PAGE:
WELLINGTON/SINGAPORE (BLOOMBERG) - Asian stocks held near a one-year high and the US dollar maintained losses from the last session on Tuesday (Sept 6) as speculation lingered that the American jobs market isn't quite strong enough to warrant a US interest-rate increase this month.
The MSCI Asia-Pacific Index rose less than 0.1 per cent as of 9.20am Tokyo time, after climbing 1.3 per cent in the last session. The Topix was up 0.2 per cent and Australia's S&P/ASX 200 Index declined 0.3 per cent. Benchmarks in New Zealand and South Korea were little changed.
US crude traded above US$45 a barrel, having pared gains in the last session after the Saudi Arabian Energy Minister said there was no need to freeze production just yet.
Investors in the US return from a holiday on Tuesday to a lacklustre stock market that is struggling to find catalysts. Data on payrolls last week didn't provide a clear direction for traders, who are trying to determine the likely path of interest-rate increases in the world's biggest economy. The probability of the Federal Reserve opting for a September hike fell by 10 percentage points last week to 32 per cent, futures prices indicate.
As the Fed ponders tightening policy, central banks elsewhere are weighing further easing, with Australia, Canada and the European Central Bank meeting this week.
"Monetary policy is going to remain easy around the world and that will continue to be supportive of risk assets," said James Woods, a strategist at Rivkin Securities in Sydney. "The non-farm payrolls last week indicate there's no rush for the Fed to raise rates. The Australian central bank will probably adopt a wait-and-see attitude before lowering rates further."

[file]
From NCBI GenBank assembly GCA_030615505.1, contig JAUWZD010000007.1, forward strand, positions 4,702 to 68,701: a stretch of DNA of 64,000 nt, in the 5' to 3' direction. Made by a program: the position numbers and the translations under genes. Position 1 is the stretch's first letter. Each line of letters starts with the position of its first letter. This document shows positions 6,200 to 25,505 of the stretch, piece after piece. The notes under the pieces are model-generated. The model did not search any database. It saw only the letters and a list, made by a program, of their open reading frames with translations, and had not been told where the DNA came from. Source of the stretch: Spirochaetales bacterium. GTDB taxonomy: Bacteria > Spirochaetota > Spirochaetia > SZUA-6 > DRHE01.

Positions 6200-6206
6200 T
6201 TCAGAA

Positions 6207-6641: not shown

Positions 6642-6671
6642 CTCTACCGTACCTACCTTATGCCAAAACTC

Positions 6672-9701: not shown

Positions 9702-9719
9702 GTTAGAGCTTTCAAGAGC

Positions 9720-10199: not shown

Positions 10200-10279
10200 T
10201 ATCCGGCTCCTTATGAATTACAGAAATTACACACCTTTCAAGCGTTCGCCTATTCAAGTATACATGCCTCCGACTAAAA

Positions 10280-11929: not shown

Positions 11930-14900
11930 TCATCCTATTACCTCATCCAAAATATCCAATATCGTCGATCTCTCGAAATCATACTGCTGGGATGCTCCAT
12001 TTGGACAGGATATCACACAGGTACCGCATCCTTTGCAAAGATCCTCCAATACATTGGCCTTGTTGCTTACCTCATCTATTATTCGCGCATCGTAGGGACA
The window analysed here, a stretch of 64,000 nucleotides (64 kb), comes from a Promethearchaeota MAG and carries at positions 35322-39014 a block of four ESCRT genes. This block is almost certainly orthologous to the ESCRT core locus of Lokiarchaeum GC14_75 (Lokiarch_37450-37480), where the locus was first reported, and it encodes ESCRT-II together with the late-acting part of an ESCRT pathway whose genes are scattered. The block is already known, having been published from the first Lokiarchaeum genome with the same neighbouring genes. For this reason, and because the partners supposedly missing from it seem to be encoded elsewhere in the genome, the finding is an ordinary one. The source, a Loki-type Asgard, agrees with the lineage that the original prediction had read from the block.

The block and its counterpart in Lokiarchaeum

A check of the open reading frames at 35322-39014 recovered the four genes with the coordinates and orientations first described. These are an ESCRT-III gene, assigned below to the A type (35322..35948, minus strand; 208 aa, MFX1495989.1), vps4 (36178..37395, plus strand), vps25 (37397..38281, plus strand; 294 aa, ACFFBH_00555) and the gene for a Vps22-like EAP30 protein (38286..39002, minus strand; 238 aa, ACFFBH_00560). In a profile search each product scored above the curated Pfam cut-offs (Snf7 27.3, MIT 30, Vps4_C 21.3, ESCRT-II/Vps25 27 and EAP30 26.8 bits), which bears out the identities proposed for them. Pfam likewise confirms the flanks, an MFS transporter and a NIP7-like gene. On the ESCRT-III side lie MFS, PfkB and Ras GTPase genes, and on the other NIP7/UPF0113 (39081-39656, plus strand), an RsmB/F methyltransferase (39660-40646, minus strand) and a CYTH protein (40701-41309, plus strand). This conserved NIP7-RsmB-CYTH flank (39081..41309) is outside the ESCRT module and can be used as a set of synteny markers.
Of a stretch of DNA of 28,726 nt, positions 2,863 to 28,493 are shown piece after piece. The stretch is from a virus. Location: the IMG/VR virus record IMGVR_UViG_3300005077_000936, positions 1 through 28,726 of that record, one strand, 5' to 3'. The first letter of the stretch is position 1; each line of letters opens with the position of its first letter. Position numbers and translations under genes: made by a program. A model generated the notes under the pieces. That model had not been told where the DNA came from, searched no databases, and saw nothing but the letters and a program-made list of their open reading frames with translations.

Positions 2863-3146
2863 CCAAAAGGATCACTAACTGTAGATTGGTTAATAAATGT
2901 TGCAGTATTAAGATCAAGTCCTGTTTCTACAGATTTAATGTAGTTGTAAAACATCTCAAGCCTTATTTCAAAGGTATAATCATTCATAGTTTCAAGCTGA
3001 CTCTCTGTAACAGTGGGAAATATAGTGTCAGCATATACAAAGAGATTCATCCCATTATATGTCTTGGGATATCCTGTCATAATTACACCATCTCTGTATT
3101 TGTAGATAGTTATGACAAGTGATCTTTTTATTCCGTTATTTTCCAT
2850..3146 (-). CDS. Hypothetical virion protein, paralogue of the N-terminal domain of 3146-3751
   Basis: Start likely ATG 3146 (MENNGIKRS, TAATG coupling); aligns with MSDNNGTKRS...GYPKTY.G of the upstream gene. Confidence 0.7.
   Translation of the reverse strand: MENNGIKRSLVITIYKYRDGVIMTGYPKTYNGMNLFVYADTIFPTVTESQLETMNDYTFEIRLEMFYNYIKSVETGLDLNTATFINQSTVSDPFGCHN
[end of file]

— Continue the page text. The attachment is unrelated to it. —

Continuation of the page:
Futures on the S&P 500 Index were little changed, as were contracts tracking stocks in China, Hong Kong and Taiwan.
US employers added 151,000 workers to non-farm payrolls last month, below the 180,000 that was projected by economists. The increase for July was revised up, however, to 275,000 from 255,000.
"The jobs report probably reduces the probability of a Fed hike in September, but it wasn't so weak that it detracts from the whole concept of an underlying economic recovery," said Daniel Murray, head of research at EFG Asset Management in London. "That's a completely reasonable backdrop for global equities."
The Bloomberg Dollar Spot Index, a gauge of the greenback versus 10 major peers, was little changed early Tuesday after slipping 0.2 per cent last session. The yen was steady at 103.48 per dollar following a 0.5 per cent advance in the last session.
The Aussie added 0.3 per cent to trade at 76.01 US cents. The Reserve Bank of Australia Australia's central bank is forecast to keep the benchmark interest rate unchanged at a record-low 1.5 per cent in Governor Glenn Stevens's final meeting, according to all of the economists in a Bloomberg survey.
Sterling hovered around its strongest level in almost two months versus the dollar, after rising as much as 0.6 per cent on Monday. IHS Markit's Purchasing Managers Index for UK services surged to 52.9 from a seven-year low of 47.4 in July, the biggest monthly gain since the survey began two decades ago.